Papillon (pronounced Pap Ee Yawn) is the French word for butterfly.The Papillon dog got its name from the shape of their lovely ears. As a general rule, they are friendly, happy, little dogs with a lot of energy. Some Papillons act like they can play fetch for hours without breaking a sweat. Many of them love to chase balls and run around the house. They are also just as happy when it’s time for belly rubs and other forms of love from their people. Unlike working dogs, Papillons were bred to be companions to royalty long ago, way back in the 1500’s. As such, they love nothing more than being with you and receiving love in return.
They are a very intelligent breed. In fact, one report ranked them as #1 in intelligence in the Toy Dog community. Because they are so smart, they are easy to train and learn new things quickly. Along with being great companion dogs, they excel at Obedience and Agility. Some Papillons have made wonderful Service Dogs and many are terrific Therapy Dogs. Their intelligence and energy levels can also get them into trouble if they get bored. Having a lifestyle where both their brains and bodies are kept active is important.
Papillons are equally at home in apartments, as well as large homes, although if you live in an apartment or attached condo, you must take care in choosing a Papillon that is not very barky. While they are not a ‘yappy’ breed, they do bark when they think their territory needs defending from squirrels or people walking by. If you live in a community that would be unhappy with hearing a Papillon bark, you’ll want to make sure the Papillon you are considering is on the quiet side.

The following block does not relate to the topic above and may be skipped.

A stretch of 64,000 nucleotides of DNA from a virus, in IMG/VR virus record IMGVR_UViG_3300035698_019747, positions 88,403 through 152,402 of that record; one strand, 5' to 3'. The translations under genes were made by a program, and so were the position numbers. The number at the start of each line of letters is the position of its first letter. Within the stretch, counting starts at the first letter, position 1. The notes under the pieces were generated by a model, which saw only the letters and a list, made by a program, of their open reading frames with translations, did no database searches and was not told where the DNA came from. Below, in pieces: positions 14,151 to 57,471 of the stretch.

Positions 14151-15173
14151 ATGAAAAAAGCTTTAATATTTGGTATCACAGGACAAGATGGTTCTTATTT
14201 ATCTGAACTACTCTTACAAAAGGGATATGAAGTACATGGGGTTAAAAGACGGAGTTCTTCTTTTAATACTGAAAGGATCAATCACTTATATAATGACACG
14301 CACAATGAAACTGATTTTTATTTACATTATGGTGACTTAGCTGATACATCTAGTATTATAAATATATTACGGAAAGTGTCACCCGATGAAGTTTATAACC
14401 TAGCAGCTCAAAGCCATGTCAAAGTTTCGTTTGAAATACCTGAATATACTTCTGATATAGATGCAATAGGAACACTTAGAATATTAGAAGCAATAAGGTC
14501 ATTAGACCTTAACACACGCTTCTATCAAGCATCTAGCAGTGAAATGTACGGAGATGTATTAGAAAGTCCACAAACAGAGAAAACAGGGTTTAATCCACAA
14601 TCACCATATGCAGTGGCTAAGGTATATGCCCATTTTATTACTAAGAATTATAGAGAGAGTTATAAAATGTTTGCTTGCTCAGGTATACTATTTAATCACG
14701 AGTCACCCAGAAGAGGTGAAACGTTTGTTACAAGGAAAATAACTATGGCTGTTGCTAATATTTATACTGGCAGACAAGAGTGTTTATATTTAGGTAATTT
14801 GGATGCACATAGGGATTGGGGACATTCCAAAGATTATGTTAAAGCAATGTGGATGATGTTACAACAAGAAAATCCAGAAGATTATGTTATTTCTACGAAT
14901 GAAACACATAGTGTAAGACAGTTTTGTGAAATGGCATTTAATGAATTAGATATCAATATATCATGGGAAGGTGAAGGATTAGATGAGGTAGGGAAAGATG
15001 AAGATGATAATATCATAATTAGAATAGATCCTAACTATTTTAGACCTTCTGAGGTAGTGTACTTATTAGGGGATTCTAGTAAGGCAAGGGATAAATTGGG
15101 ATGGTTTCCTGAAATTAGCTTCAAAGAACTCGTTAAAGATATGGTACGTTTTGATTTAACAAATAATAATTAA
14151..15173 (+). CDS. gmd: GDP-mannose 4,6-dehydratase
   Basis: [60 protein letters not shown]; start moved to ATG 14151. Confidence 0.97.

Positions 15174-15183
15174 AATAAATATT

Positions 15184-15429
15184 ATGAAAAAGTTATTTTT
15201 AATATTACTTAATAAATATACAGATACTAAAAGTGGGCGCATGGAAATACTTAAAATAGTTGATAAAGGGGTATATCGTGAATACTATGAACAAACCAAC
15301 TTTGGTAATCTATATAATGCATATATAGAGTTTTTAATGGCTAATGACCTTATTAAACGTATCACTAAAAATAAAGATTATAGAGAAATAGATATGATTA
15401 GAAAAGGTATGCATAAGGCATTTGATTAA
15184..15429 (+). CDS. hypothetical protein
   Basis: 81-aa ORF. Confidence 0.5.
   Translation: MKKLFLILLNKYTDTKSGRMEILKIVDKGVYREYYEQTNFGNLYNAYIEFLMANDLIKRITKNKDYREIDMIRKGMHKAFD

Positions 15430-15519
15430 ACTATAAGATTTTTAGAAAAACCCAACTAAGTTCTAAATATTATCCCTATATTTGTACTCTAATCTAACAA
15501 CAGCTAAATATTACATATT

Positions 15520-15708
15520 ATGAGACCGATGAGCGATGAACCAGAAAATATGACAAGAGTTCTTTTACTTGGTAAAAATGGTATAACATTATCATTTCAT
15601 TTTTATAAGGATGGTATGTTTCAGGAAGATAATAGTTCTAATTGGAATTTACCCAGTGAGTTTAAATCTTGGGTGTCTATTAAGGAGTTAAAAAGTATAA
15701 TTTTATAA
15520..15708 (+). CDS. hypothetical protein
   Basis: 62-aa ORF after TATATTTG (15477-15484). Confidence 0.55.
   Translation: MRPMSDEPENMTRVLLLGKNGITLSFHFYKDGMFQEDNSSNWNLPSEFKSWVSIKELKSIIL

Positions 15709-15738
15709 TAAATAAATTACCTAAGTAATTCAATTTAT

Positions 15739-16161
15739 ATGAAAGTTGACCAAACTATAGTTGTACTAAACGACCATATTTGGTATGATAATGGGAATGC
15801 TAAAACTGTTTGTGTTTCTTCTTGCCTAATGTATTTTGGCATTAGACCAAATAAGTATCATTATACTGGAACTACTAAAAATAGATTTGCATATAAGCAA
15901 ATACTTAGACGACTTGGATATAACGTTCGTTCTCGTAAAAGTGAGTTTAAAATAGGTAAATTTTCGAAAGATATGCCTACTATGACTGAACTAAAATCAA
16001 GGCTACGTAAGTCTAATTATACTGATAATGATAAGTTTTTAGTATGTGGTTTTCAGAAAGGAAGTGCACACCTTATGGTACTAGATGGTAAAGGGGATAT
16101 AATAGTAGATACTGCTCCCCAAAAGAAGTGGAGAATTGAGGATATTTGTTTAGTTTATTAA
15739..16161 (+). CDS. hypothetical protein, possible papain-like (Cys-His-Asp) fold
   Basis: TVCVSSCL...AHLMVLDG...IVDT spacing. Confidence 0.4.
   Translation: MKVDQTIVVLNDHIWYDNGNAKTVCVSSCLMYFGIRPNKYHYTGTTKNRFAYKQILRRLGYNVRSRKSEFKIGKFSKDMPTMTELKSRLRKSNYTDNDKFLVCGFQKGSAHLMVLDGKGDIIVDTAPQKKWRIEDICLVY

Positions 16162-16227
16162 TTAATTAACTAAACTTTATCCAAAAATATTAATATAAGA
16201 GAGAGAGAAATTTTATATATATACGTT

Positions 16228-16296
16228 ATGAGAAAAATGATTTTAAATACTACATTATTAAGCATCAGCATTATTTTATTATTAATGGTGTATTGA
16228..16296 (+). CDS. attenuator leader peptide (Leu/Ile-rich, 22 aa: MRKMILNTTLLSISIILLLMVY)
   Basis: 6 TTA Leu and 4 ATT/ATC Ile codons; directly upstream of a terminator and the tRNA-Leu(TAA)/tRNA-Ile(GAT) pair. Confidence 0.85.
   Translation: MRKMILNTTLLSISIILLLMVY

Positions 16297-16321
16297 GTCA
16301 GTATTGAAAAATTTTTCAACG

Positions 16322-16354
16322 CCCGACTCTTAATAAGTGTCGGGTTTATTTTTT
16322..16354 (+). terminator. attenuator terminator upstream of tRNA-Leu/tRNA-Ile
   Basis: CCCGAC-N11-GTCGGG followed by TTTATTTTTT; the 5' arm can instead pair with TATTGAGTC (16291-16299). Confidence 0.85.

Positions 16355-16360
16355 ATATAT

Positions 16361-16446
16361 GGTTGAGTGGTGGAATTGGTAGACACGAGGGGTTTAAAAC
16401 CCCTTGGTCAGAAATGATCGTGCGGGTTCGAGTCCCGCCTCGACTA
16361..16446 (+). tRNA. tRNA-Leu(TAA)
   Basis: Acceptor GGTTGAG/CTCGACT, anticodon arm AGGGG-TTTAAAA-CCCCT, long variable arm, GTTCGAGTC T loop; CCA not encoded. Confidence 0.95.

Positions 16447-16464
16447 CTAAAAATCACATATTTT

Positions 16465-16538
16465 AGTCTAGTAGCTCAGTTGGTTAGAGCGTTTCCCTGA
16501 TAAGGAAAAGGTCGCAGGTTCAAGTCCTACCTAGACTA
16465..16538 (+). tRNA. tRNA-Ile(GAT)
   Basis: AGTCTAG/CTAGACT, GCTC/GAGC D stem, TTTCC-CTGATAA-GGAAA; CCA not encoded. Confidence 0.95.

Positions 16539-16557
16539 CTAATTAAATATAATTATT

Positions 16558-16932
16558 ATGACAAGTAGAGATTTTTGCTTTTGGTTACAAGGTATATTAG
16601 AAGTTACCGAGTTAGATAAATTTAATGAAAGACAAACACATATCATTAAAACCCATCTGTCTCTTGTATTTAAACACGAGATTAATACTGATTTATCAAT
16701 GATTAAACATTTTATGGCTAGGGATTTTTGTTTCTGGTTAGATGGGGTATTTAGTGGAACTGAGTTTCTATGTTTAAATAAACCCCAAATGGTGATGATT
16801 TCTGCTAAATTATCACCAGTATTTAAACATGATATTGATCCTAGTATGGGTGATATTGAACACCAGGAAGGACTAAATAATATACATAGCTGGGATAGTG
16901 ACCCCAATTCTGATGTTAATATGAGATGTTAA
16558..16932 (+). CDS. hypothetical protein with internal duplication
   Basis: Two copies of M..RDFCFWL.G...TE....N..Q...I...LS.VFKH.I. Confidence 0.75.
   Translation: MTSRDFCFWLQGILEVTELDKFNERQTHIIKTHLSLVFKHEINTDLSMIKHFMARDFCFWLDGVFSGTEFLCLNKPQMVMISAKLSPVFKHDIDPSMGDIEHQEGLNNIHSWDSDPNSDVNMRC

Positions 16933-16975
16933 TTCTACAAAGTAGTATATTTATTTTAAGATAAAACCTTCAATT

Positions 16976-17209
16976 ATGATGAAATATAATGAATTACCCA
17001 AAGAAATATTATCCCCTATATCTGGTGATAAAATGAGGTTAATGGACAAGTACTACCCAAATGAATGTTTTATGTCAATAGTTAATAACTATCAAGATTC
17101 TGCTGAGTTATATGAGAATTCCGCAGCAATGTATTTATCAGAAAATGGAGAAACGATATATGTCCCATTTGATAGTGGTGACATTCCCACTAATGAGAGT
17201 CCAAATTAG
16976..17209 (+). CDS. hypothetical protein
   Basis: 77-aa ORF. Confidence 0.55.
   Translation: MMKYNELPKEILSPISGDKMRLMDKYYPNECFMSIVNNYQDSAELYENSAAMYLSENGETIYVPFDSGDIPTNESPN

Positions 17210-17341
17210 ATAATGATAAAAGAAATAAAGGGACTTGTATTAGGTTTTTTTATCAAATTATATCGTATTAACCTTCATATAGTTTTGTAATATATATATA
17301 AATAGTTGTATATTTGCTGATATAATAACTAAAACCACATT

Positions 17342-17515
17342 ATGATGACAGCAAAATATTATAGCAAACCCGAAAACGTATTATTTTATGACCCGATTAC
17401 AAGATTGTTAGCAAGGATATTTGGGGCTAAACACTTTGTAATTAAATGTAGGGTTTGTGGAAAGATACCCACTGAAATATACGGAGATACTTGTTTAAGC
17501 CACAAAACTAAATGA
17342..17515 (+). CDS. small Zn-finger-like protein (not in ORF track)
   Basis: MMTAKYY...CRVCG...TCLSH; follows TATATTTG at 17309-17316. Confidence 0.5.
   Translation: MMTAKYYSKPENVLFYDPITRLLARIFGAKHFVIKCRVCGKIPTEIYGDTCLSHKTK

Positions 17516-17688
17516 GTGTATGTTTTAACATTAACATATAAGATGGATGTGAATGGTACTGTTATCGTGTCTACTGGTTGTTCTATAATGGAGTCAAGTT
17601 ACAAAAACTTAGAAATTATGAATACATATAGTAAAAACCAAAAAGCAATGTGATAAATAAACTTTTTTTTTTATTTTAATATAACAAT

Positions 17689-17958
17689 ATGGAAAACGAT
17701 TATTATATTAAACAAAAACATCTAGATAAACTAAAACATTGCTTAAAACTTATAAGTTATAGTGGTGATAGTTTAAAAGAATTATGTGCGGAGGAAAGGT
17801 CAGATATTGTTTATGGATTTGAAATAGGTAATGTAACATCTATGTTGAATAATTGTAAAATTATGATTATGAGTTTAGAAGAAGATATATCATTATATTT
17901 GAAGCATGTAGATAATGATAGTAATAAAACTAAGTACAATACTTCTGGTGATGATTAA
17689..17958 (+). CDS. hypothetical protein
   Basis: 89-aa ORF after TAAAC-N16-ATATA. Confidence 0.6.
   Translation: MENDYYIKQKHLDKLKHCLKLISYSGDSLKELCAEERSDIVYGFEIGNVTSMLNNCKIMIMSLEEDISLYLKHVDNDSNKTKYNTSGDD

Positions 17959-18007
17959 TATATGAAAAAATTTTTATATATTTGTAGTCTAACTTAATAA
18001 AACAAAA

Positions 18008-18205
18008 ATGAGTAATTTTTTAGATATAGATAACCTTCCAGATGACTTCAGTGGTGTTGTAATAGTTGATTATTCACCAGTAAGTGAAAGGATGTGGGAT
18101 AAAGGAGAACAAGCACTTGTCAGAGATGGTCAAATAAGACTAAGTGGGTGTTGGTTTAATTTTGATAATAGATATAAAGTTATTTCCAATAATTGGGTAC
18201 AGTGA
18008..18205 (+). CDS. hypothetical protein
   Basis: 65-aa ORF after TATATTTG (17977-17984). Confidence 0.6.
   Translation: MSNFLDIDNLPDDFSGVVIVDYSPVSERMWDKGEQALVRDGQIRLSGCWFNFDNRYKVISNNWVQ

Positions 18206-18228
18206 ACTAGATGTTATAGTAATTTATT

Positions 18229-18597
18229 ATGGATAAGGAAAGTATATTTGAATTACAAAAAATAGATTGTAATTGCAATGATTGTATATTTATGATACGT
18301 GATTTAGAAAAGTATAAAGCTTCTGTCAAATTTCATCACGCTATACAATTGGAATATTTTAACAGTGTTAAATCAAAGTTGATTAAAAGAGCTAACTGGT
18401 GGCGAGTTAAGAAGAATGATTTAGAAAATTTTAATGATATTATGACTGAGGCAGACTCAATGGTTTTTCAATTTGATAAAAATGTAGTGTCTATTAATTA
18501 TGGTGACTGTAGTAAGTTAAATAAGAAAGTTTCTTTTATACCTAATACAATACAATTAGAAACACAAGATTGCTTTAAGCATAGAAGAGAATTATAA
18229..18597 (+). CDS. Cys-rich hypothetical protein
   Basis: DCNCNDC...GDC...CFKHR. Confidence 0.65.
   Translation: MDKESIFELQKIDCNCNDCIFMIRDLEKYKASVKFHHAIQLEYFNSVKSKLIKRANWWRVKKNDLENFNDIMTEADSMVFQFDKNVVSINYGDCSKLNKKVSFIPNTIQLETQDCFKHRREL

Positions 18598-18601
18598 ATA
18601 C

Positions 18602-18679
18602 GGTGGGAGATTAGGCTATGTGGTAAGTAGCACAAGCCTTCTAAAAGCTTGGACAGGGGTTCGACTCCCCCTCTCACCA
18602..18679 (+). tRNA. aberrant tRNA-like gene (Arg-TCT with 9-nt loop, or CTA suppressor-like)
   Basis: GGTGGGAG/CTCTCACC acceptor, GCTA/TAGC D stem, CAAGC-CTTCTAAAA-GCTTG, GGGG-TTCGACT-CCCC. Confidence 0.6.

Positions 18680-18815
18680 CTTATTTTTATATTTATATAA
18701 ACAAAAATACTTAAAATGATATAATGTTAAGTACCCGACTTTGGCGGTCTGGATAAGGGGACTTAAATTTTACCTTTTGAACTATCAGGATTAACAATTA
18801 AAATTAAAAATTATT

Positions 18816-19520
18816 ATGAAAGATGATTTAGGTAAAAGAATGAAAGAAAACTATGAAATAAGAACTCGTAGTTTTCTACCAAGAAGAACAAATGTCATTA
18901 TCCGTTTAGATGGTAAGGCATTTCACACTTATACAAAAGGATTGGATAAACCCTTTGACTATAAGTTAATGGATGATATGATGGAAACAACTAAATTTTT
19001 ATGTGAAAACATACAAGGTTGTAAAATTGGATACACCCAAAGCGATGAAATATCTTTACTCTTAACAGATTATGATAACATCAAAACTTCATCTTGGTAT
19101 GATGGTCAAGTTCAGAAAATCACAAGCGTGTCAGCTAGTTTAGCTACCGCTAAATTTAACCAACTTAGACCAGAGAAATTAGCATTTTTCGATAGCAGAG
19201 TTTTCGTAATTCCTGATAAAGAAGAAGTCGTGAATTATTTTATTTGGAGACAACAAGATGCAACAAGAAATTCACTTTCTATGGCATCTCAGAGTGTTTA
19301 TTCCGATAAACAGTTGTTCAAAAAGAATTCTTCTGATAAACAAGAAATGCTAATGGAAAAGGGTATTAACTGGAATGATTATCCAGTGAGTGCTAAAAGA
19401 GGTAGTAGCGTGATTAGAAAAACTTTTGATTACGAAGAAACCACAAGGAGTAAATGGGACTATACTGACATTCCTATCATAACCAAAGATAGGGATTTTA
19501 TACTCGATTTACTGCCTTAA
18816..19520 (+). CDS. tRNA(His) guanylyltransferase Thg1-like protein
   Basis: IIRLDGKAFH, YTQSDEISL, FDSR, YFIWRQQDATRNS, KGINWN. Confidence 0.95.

Because they were bred to be companions to people, they do not like to be left alone for long periods of time. They do best in homes where people have flexible schedules or are at home much of the time, or where they have another friendly, furry companion. They generally don’t do well with very young children because they are fine boned and can be mishandled by children too young to know better. Some have been known to become snippy when they are frightened because very young children tend to move quickly and make loud noises. If they are brought into a home with young children, both the children and the Papillon must be supervised at all times and never left alone with each other.
If what you’ve read about Papillons fits your lifestyle and is the type of dog you’ve been looking for, we invite you to view our adoptable Papillons in the hopes one of them is a good match.